Tony Scott’s first major film breakthrough, 1983’s The Hunger, has so much going for it that it’s difficult to identify precisely why it isn’t a favorite of mine. Renowned film critic Roger Ebert opened his film review with the following: “The Hunger is an agonizingly bad vampire movie, circling around an exquisitely effective sex scene.”
The “sex scene” he speaks of (there is more than one erotic scene in the film) is worth talking about, because it, and vignettes like it, are important.
Vampire films have been imbued with the erotic since the early 1900s when they were first made. Without going into a rich topic, I will say it is obvious we find a great deal of eroticism in death, and that eroticism is the central pull of the vampire myth. In the case of The Hunger, the film’s “sex scene” is Ebert speaks of is between the two very powerful women center to to the film. The scene is less powerful than the build up before it, and the sex, as viewed through a contemporary lens, is not particularly interesting. It is saturated by the male gaze, and is neither explicit nor very interesting. The scene was, however, cited as being important in gay and lesbian film history because it is a scene between two women, and is placed as a beautiful, erotic experience (The Celluloid Closet, 1995). Sadly, up until the eighties a positive view of lesbian sexuality was hard to find. Some might say these depictions are still too rare (discussion: “Why are all lesbian movies sad?” 08/18/2015 on AfterEllen.com) – and of course, it is easily argued that it isn’t a positive experience at all, based on what follows.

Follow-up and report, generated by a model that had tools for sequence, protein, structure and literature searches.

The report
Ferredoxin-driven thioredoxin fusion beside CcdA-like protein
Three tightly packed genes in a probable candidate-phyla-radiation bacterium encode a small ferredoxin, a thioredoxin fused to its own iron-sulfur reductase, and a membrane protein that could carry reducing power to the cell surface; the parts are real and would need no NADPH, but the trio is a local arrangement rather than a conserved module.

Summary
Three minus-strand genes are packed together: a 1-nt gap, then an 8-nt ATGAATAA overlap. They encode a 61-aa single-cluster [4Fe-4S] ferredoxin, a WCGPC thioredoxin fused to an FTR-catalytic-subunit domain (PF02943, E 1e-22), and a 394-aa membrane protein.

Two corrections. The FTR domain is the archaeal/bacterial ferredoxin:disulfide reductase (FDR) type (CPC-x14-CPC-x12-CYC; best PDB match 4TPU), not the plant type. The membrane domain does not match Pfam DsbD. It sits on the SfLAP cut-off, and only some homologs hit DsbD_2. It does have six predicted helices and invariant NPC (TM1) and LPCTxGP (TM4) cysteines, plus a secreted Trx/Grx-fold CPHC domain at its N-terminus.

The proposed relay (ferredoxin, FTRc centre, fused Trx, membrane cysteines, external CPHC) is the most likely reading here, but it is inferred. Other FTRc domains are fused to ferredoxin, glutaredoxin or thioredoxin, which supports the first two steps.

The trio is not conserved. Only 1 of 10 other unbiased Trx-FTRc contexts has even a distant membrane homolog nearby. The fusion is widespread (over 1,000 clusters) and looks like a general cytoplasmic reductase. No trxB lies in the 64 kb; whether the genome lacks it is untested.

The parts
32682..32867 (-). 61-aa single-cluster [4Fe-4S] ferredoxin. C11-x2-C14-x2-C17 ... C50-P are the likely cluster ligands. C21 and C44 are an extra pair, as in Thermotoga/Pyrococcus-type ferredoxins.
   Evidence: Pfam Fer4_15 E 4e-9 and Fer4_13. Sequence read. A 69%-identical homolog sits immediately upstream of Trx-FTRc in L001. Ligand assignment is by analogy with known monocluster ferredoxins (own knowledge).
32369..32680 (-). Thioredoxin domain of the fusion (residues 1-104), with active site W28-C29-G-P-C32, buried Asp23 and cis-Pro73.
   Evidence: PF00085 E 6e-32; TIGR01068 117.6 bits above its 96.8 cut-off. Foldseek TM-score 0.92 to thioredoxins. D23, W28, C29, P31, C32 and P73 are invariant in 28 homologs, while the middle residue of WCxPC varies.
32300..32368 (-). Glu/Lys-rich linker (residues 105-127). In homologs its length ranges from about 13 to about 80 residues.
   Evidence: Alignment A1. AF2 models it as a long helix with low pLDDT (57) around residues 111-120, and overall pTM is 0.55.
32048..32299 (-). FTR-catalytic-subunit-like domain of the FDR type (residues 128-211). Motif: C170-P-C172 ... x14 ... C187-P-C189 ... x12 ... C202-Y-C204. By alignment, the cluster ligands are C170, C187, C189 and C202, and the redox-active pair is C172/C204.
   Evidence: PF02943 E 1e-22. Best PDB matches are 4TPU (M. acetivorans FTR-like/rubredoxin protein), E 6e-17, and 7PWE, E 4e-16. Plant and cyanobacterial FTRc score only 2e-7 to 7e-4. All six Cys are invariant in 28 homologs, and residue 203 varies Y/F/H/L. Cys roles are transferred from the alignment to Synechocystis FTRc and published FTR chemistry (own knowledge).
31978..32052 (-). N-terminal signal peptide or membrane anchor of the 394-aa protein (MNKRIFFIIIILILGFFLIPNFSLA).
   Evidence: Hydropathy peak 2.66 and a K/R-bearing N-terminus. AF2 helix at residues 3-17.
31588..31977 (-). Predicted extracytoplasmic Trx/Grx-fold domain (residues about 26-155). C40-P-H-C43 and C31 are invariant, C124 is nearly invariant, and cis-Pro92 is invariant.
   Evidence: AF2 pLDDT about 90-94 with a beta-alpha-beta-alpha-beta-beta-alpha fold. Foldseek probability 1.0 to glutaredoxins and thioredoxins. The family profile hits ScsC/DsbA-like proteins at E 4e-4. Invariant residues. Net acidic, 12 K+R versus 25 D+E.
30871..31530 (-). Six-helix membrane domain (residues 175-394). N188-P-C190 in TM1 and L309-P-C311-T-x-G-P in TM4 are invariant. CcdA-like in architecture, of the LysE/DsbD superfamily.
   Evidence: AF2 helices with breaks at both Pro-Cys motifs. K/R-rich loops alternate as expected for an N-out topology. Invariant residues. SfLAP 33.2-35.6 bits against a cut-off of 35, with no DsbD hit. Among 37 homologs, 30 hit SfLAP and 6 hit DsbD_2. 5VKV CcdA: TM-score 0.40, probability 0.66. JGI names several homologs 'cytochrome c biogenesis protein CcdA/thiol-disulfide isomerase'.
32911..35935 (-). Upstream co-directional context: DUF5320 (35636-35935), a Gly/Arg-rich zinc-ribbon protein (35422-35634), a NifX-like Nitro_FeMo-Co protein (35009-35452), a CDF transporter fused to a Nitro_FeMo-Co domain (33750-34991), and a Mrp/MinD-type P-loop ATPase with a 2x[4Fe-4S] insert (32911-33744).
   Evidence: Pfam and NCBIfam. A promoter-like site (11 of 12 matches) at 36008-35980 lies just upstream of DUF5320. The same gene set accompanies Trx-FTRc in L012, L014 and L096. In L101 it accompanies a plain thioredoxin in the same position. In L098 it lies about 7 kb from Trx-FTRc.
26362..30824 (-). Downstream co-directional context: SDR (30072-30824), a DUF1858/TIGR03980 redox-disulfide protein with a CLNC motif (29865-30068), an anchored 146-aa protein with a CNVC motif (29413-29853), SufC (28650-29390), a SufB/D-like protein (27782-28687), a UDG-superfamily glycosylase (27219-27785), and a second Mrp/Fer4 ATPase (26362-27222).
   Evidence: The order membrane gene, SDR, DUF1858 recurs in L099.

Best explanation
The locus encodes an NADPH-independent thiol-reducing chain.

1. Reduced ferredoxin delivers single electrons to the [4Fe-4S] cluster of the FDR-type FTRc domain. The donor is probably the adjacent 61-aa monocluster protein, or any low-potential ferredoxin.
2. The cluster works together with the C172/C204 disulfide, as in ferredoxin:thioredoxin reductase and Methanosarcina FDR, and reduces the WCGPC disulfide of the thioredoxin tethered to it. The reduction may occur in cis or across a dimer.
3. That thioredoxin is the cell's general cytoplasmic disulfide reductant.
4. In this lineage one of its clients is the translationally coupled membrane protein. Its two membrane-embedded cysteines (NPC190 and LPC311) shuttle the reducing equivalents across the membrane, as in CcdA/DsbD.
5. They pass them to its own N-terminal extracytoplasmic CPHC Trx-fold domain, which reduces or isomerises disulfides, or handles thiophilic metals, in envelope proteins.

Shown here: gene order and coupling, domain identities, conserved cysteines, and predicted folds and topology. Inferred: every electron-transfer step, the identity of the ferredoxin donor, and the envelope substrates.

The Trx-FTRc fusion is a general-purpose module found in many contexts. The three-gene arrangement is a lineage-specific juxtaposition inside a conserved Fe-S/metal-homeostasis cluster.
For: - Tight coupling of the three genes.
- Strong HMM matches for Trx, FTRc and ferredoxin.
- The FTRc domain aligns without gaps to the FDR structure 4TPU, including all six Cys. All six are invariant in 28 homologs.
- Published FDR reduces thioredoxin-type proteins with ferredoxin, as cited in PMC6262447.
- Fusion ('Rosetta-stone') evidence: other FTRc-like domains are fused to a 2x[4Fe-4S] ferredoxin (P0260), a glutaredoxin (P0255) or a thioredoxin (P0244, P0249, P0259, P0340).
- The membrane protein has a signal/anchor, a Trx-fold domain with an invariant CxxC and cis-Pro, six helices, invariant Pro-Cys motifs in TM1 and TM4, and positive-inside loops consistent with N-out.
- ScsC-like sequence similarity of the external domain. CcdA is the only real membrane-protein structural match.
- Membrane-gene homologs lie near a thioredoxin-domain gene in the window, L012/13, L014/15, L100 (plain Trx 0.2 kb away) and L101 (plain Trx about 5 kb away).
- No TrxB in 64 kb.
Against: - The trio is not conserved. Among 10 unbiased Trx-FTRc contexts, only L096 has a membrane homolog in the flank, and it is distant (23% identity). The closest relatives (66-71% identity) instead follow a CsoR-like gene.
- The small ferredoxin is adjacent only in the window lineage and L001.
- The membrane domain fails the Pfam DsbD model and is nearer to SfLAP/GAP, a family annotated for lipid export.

Sexual politics and film history aside, The Hunger is well-paced, sad, and stylish enough to please cinephiles and goth-fans alike. The film’s stars – Catherine Deneuve, David Bowie, and Susan Sarandon deliver delicious performances, if at times Sarandon is required to deliver some rather ridiculous lines. Bowie provides a serious and rather sad and human depiction. Deneuve is more subtle still. Seemingly the elegant queen bee vampire of all time, she is – when it comes down to it – simply selfish and stunted.
The plot is well-paced. There is a bit of B.S.-vampire-science, but not too much. There are also disturbing bits of animal cruelty depicted and some of them look real. A few adorable cameos surface: Willem Dafoe, John Pankow, Dan Hedaya, and Suzanne Bertish, for example.
The film has not aged well, and could benefit from a restoration. The events onscreen are so dark and hazy – everyone’s smoking cigarettes indoors and you wonder if they had to pay for light by the photon – that what was surely meant to be an artistic style ends up keeping the film in a musty closet (pun not intended). However, it’s still a great film and is a must-watch for any fans of the stars – or the annals of vampirism.
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